4 Challenges of Homeschooling a Big Family

Homeschooling a big family can be a lot of fun, and it definitely has advantages. When parents with one or two kids ask how I make a big family work, I wonder how they make their small family work!

My older kids naturally help out with the younger ones, reading books to them and teaching them. Also, play is not my forte. Once you hit four kids, they can play pretty much anything with just each other. I can't tell you how wonderfully freeing it is to no longer need to be the queen, driver, or teacher in their latest imaginary world.

Instead, I can stick to the things I love: sharing books and board games with them.

As much as I love having a big family, homeschooling has unique challenges because of our family size. Overcoming those challenges requires creative thinking. It also requires a willingness to try many different solutions until you find one that works for your family.

Here are four common challenges big families face in their homeschools, along with ideas to help you overcome them.

1.Juggling Too Many Grade Levels at One Time

We’ll start with the obvious: too many grade levels for one parent to juggle.

Depending on the spacing of your children (and gender mix), grouping kids into the same levels might seem like an impossibility. A homeschool parent can easily become overwhelmed trying to figure out which subjects to combine, separate, or let go altogether.

If you have siblings relatively close in age (no more than 2-3 years apart), try grouping them together as much as possible. Then you can teach to the top. Subjects like history and science are fairly easy to teach to multiple ages. However, with practice, you can do the same with language arts and math.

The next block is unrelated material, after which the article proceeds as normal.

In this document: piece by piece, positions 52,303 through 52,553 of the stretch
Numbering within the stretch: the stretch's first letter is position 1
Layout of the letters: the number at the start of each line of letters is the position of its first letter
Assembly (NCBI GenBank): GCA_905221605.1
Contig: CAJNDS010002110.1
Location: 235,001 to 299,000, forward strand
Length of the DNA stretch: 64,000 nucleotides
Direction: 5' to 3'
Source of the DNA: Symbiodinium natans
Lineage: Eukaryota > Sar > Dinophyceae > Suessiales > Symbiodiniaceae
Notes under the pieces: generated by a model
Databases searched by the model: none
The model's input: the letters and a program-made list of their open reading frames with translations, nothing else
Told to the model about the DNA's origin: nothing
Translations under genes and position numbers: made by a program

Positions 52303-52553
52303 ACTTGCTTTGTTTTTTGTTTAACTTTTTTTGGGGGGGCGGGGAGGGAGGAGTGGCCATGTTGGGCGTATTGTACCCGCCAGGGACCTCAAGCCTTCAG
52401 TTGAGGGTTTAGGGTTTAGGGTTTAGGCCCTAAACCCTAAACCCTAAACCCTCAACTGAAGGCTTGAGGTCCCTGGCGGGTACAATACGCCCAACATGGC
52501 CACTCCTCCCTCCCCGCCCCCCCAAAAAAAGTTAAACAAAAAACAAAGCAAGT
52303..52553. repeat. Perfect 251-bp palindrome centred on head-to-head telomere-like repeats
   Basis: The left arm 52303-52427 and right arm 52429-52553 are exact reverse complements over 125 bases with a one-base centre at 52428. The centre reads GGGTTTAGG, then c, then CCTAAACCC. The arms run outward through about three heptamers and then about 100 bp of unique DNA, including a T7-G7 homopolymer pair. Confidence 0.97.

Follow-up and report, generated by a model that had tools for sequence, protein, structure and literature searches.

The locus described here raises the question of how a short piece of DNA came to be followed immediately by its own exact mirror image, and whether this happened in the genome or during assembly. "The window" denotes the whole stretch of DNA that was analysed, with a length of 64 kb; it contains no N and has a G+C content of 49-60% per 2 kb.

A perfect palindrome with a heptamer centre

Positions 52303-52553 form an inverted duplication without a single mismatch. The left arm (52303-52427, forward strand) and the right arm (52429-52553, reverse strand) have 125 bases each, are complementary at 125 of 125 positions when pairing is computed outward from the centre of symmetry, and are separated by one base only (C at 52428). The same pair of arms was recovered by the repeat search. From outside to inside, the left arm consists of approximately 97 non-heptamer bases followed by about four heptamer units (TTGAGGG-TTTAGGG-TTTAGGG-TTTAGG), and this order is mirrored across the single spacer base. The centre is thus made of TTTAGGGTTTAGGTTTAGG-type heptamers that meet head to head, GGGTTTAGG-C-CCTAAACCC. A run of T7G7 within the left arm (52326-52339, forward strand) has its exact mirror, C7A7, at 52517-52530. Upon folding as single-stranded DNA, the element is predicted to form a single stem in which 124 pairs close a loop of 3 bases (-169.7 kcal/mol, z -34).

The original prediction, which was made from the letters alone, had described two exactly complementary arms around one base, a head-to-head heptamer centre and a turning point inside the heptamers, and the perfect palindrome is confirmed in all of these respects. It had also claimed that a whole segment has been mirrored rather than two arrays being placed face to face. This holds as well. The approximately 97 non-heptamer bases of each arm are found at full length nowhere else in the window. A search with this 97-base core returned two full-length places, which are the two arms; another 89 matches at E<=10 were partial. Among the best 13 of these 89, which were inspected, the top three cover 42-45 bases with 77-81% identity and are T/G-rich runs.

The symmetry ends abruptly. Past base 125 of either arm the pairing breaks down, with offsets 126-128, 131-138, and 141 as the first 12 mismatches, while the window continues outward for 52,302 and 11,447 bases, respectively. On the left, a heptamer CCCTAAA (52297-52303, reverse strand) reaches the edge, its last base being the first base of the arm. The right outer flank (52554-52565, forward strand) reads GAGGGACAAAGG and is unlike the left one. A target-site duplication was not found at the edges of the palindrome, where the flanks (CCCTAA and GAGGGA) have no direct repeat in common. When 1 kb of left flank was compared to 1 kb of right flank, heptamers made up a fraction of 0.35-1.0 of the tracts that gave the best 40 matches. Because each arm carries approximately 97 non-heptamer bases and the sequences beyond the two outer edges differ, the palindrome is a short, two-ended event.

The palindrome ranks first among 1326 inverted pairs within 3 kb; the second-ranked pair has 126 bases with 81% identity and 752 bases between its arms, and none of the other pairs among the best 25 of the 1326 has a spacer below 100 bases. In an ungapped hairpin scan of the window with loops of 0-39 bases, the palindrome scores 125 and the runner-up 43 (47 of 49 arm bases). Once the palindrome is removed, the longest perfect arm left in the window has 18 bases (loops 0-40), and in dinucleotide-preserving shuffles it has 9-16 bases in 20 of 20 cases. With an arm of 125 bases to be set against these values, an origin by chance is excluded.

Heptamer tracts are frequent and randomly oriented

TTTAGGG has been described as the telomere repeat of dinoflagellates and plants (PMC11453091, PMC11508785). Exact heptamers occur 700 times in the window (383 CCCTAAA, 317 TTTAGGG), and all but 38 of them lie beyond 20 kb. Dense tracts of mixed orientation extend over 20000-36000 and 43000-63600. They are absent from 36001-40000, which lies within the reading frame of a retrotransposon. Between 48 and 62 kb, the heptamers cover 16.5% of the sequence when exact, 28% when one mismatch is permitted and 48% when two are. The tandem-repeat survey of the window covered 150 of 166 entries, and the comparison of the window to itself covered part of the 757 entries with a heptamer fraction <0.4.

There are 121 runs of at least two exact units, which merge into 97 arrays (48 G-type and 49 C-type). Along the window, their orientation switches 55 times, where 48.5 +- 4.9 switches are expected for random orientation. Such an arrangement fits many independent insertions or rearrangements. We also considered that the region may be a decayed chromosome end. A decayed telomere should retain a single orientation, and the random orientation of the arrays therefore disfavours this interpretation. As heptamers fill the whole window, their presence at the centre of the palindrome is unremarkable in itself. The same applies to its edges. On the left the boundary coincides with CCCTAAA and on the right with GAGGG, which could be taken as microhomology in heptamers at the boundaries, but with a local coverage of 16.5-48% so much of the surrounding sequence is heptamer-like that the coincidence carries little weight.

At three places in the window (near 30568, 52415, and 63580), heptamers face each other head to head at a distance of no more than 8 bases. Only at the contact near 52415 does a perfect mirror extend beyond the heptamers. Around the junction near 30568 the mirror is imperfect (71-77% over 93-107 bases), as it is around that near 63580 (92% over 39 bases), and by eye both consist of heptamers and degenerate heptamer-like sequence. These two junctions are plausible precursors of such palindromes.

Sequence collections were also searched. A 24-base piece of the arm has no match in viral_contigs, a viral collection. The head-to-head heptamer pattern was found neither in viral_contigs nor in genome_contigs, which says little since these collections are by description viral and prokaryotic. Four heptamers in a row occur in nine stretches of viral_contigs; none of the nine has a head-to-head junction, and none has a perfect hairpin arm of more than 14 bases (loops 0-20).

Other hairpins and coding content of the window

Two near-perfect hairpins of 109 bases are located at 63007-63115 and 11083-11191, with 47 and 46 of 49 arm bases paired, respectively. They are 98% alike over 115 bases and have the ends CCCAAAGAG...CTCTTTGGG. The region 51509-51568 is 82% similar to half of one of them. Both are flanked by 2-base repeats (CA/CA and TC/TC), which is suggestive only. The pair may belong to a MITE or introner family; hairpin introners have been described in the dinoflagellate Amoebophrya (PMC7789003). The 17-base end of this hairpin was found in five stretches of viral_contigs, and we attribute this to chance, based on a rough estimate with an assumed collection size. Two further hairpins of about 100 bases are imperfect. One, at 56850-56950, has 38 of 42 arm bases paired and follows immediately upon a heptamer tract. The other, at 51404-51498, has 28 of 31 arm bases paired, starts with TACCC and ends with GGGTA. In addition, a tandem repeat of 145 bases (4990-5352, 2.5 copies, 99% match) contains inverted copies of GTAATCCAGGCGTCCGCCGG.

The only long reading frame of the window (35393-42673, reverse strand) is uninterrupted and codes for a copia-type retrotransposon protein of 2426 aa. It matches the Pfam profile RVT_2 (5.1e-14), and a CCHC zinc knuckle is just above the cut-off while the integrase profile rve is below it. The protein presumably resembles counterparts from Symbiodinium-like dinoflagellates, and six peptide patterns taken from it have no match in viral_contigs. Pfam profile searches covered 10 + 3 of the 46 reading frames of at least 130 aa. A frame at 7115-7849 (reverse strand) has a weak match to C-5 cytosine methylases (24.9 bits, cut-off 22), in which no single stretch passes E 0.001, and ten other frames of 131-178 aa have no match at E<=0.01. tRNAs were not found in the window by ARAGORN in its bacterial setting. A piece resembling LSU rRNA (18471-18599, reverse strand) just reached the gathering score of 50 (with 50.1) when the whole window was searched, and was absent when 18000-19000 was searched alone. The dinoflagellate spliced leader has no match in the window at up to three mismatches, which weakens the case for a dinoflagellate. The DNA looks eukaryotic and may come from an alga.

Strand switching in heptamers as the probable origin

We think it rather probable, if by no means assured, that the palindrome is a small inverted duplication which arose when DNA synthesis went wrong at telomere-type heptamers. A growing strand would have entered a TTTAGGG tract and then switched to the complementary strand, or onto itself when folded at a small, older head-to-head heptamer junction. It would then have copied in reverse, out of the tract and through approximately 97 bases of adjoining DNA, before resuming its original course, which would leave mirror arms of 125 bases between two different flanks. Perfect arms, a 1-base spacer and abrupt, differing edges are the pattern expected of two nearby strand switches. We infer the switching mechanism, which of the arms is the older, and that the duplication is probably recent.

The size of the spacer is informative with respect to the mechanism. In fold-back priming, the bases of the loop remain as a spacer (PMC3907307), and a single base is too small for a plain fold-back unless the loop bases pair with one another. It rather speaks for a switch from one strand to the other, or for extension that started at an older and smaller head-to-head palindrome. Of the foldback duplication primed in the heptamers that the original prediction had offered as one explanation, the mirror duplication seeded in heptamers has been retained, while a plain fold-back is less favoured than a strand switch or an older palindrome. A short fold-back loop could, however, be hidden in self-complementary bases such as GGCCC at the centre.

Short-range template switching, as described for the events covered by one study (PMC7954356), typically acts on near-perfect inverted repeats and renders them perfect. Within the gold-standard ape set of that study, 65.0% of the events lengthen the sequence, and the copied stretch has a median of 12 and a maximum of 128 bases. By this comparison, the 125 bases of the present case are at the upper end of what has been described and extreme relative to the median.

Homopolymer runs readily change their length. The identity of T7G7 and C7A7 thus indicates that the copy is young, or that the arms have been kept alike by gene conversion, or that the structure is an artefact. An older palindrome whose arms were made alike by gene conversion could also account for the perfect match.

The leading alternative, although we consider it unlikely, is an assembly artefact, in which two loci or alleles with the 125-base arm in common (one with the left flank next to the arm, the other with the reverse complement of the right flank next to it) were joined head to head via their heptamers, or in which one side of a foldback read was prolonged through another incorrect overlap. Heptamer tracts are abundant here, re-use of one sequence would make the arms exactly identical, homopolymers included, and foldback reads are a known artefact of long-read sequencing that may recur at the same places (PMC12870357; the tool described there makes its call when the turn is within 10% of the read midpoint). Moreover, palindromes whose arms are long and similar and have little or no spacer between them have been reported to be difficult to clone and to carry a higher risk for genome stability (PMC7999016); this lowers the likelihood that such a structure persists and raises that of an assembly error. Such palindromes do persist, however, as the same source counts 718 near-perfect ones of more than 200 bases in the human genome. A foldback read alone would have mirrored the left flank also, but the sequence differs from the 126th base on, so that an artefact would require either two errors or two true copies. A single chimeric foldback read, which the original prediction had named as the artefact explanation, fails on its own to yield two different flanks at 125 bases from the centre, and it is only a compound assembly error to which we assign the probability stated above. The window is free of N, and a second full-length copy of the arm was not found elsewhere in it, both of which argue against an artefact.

The key is supplementing exercises, activities, and bonus materials for your older children. Then, you can build on a lesson you have already done with everyone. The younger kids can go play together, giving you time to work one-on-one with older children who need additional work.

2. Feeling Like Older Siblings Are Being Held Back by the Younger Ones

Even though she is only the oldest by two years, my daughter is far ahead of her younger brothers in certain areas. Her attention span is much longer than the boys, especially for read-alouds.

At the end of a "Story of the World" chapter, for instance, the boys are more than ready to be done. My daughter, on the other hand, begs for more.

I feel torn because I want to feed her desire for more, but I also know that a chapter a day is all the boys can handle. I also have no desire to do two history readings a day (one for my daughter and one for them).

Potential Solution:

Don’t feel pressured to jump ahead in your curriculum just because your oldest wants more. It’s easy to feel guilty as a homeschool parent for not being able to give every child exactly what they seem to want or need at any given moment.

As the leader of your homeschool, however, you need to learn how to balance the needs of individual children with the needs of the whole family, including yourself. As I mentioned earlier, you can easily prepare additional reading, activities, and worksheets for your eager beaver oldest without jumping ahead in yourmain curriculum.